Pure states suffer from a phase ambiguity: a phase rotation {e^{i\theta} |\psi\rangle} of a pure state {|\psi \rangle} leads to the same mixed state, and the two states cannot be distinguished by any physical observable.

In a single particle system, modeling a (scalar) quantum particle in a {d}-dimensional position space {{\mathbb R}^d}, one can identify the Hilbert space {{\Bbb H}} with {L^2({\mathbb R}^d \rightarrow {\mathbb C})}, and describe the pure state {|\psi\rangle} as a wave function {\psi: {\mathbb R}^d \rightarrow {\mathbb C}}, which is normalised as

\displaystyle  \int_{{\mathbb R}^d} |\psi(x)|^2\ dx = 1

as {|\psi\rangle} has to be a unit vector. (If the quantum particle has additional features such as spin, then one needs a fancier wave function, but let’s ignore this for now.) A mixed state is then a function {\rho: {\mathbb R}^d \times {\mathbb R}^d \rightarrow {\mathbb C}} which is Hermitian (i.e. {\rho(x,x') = \overline{\rho(x',x)}}) and positive definite, with unit trace {\int_{{\mathbb R}^d} \rho(x,x)\ dx = 1}; a pure state {\psi} corresponds to the mixed state {\rho(x,x') = \psi(x) \overline{\psi(x')}}.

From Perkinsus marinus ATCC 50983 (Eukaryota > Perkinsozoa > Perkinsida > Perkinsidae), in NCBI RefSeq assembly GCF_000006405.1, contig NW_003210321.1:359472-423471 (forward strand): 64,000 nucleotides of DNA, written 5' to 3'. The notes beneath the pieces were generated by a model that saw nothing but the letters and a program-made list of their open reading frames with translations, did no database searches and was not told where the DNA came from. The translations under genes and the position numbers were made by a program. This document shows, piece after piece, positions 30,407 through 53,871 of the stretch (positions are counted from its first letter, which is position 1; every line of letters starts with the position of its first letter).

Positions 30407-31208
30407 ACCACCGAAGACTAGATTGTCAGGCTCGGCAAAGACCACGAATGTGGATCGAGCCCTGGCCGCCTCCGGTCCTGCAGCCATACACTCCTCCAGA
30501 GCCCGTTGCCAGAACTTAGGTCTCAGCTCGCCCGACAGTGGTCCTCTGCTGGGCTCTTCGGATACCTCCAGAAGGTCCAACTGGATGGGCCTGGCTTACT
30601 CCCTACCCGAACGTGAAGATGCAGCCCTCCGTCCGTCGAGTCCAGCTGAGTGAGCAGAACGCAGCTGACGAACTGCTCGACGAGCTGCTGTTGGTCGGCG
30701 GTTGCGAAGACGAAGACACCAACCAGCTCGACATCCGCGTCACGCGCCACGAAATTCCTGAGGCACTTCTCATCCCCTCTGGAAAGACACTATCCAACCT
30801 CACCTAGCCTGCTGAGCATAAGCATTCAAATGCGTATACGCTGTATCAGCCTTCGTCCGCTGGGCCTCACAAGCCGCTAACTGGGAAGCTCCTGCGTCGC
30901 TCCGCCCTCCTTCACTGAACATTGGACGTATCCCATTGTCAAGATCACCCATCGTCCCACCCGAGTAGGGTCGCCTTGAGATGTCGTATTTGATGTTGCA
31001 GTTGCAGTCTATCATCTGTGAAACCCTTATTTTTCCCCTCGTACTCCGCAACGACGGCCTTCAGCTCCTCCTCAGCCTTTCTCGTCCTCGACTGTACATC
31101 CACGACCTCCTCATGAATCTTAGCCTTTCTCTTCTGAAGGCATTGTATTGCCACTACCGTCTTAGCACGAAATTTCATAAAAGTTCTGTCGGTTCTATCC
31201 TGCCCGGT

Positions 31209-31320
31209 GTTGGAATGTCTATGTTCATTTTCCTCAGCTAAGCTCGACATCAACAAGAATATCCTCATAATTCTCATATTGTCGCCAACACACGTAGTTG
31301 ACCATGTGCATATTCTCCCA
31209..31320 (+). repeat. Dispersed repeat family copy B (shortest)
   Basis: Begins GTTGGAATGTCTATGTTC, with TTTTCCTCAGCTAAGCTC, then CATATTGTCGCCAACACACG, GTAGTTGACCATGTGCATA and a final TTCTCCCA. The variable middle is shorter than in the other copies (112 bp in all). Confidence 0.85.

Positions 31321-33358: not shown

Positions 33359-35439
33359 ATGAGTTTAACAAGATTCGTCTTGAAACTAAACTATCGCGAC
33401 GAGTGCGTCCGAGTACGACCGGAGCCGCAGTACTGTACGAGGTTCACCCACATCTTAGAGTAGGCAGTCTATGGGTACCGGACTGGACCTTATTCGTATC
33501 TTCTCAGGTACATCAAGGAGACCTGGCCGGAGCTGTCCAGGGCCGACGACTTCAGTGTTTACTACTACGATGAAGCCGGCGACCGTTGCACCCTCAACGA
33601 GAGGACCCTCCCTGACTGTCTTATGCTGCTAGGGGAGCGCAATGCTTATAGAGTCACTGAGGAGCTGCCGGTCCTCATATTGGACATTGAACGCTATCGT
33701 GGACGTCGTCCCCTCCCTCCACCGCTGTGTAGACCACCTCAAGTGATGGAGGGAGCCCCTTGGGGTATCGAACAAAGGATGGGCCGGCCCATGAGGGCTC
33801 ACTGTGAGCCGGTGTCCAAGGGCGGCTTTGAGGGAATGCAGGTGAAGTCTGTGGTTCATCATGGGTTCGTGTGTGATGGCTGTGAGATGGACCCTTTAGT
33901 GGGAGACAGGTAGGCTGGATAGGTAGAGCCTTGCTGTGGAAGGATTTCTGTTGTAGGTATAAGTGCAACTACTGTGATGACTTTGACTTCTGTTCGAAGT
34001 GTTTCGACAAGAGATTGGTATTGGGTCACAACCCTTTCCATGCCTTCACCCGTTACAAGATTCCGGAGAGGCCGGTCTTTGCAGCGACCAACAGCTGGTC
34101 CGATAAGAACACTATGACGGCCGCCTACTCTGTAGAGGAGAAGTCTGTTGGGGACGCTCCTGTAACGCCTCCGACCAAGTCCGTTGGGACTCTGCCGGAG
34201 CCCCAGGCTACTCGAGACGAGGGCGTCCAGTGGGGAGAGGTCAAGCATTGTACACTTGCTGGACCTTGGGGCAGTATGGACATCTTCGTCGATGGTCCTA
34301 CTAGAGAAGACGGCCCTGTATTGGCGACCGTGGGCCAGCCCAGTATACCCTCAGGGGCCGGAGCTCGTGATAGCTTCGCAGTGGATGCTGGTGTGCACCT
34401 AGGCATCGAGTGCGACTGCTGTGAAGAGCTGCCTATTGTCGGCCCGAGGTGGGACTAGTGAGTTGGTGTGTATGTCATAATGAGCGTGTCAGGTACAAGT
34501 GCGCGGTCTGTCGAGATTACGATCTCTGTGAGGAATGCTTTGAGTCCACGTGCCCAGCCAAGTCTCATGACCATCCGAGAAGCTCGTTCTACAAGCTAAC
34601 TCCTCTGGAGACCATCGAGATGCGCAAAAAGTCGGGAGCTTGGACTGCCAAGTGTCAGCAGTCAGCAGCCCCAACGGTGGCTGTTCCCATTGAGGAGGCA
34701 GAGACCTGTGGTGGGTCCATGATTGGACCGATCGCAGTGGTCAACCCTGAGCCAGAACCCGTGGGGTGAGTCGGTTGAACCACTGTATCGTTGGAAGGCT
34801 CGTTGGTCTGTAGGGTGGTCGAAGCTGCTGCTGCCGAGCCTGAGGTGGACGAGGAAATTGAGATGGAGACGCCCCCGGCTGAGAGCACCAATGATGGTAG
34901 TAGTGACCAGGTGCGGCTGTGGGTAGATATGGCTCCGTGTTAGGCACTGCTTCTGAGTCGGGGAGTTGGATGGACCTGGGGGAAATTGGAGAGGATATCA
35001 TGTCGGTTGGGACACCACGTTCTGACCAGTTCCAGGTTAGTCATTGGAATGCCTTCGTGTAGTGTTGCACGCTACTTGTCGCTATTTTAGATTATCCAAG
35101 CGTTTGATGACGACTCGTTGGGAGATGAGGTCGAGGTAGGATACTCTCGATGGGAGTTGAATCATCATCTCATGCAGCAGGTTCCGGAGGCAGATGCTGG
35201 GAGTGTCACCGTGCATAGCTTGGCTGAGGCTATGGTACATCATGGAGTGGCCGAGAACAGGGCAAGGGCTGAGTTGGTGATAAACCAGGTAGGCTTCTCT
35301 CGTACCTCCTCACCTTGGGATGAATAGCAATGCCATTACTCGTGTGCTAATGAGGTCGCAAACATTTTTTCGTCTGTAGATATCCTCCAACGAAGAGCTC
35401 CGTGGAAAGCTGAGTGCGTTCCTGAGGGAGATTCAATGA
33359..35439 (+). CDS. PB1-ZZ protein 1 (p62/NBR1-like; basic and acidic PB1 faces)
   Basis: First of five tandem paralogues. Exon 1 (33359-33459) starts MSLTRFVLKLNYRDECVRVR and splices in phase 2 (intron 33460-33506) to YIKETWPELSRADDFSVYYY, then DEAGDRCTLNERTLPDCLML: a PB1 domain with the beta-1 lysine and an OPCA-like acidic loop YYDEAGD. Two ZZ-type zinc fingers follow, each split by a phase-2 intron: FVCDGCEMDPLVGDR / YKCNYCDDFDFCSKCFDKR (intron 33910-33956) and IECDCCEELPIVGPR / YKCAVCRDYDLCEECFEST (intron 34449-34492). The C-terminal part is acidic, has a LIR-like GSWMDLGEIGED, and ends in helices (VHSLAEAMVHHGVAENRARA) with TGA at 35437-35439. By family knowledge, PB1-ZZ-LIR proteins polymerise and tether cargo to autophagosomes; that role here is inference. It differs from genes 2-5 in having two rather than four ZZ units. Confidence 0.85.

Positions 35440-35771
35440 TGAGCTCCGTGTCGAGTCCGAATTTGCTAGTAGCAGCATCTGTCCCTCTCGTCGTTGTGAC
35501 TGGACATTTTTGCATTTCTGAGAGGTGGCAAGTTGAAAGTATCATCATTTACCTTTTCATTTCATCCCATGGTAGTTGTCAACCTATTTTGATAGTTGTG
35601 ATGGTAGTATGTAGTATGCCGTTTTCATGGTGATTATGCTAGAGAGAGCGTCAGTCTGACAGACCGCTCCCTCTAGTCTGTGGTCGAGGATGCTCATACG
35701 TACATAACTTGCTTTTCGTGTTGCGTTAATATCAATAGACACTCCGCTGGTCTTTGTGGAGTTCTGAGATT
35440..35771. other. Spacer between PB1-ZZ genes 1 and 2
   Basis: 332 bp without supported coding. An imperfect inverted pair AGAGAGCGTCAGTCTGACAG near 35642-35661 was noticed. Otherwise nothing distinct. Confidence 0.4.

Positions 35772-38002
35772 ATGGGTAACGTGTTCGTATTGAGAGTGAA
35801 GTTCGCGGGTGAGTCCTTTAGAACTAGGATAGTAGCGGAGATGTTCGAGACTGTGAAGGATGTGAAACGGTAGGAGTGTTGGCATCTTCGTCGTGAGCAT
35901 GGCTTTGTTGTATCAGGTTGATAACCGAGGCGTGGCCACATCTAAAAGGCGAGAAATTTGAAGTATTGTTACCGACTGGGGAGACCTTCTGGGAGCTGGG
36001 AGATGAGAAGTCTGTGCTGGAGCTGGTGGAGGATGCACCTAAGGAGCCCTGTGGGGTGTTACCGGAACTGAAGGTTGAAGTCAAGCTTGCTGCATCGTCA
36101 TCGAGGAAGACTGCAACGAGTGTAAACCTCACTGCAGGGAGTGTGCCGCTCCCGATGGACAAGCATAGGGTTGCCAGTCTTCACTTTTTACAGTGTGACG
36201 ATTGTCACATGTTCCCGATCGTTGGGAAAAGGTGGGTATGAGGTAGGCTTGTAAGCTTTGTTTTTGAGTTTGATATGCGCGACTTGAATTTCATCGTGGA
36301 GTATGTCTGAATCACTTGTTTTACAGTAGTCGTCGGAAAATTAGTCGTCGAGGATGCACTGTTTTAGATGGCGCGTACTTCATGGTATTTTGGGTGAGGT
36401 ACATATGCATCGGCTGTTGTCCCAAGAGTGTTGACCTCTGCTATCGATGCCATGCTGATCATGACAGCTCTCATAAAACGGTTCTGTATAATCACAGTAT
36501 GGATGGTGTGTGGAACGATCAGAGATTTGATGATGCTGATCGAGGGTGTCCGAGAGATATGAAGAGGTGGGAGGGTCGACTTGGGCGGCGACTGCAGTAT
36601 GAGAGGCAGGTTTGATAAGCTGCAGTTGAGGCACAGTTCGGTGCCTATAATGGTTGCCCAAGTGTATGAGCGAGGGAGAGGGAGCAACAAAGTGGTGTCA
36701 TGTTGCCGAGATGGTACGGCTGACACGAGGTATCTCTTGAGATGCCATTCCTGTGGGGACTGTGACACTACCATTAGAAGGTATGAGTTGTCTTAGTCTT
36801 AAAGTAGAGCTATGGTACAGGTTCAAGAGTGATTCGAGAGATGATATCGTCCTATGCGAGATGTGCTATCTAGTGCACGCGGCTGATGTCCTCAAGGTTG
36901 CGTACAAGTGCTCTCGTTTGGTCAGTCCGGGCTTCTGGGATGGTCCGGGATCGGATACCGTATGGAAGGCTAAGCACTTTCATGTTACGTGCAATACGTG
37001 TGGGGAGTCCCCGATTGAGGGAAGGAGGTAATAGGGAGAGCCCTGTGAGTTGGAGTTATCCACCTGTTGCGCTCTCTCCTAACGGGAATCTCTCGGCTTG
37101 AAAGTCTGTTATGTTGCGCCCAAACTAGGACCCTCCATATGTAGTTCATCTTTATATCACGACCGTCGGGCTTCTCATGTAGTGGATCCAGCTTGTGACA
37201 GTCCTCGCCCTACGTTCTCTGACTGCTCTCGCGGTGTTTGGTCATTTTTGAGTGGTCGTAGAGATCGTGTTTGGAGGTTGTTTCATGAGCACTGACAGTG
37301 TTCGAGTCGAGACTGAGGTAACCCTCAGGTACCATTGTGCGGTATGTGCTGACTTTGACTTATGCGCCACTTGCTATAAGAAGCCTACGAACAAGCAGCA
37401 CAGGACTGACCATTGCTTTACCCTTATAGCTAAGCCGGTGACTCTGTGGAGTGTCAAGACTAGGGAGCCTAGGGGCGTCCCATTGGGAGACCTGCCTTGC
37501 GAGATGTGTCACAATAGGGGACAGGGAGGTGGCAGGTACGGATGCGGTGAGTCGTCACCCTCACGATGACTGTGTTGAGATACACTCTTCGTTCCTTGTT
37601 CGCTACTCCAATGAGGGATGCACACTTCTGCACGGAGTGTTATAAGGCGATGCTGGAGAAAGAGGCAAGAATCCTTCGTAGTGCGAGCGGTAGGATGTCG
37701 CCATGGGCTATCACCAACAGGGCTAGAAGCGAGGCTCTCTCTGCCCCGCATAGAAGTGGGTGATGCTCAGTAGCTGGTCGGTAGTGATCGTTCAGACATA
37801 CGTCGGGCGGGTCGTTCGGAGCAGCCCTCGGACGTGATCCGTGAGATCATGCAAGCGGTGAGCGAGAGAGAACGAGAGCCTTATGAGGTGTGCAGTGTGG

A typical Hamiltonian in this setting is given by the operator

\displaystyle  H \psi(x) := \frac{|p|^2}{2m} \psi(x) + V(x) \psi(x)

where {m > 0} is a constant, {p} is the momentum operator {p := -i \hbar \nabla_x}, and {\nabla_x} is the gradient in the {x} variable (so {|p|^2 = -\hbar^2 \Delta_x}, where {\Delta_x} is the Laplacian; note that {\nabla_x} is skew-adjoint and should thus be thought of as being imaginary rather than real), and {V: {\mathbb R}^d \rightarrow {\mathbb R}} is some potential. Physically, this depicts a particle of mass {m} in a potential well given by the potential {V}.

Now suppose one has an {N}-particle system of scalar particles. A pure state of such a system can then be given by an {N}-particle wave function {\psi: ({\mathbb R}^d)^N \rightarrow {\mathbb C}}, normalised so that

\displaystyle  \int_{({\mathbb R}^d)^N} |\psi(x_1,\ldots,x_N)|^2\ dx_1 \ldots dx_N = 1

and a mixed state is a Hermitian positive semi-definite function {\rho: ({\mathbb R}^d)^N \times ({\mathbb R}^d)^N \rightarrow {\mathbb C}} with trace

\displaystyle  \int_{({\mathbb R}^d)^N} \rho(x_1,\ldots,x_N; x_1,\ldots,x_N)\ dx_1 \ldots dx_N = 1,

with a pure state {\psi} being identified with the mixed state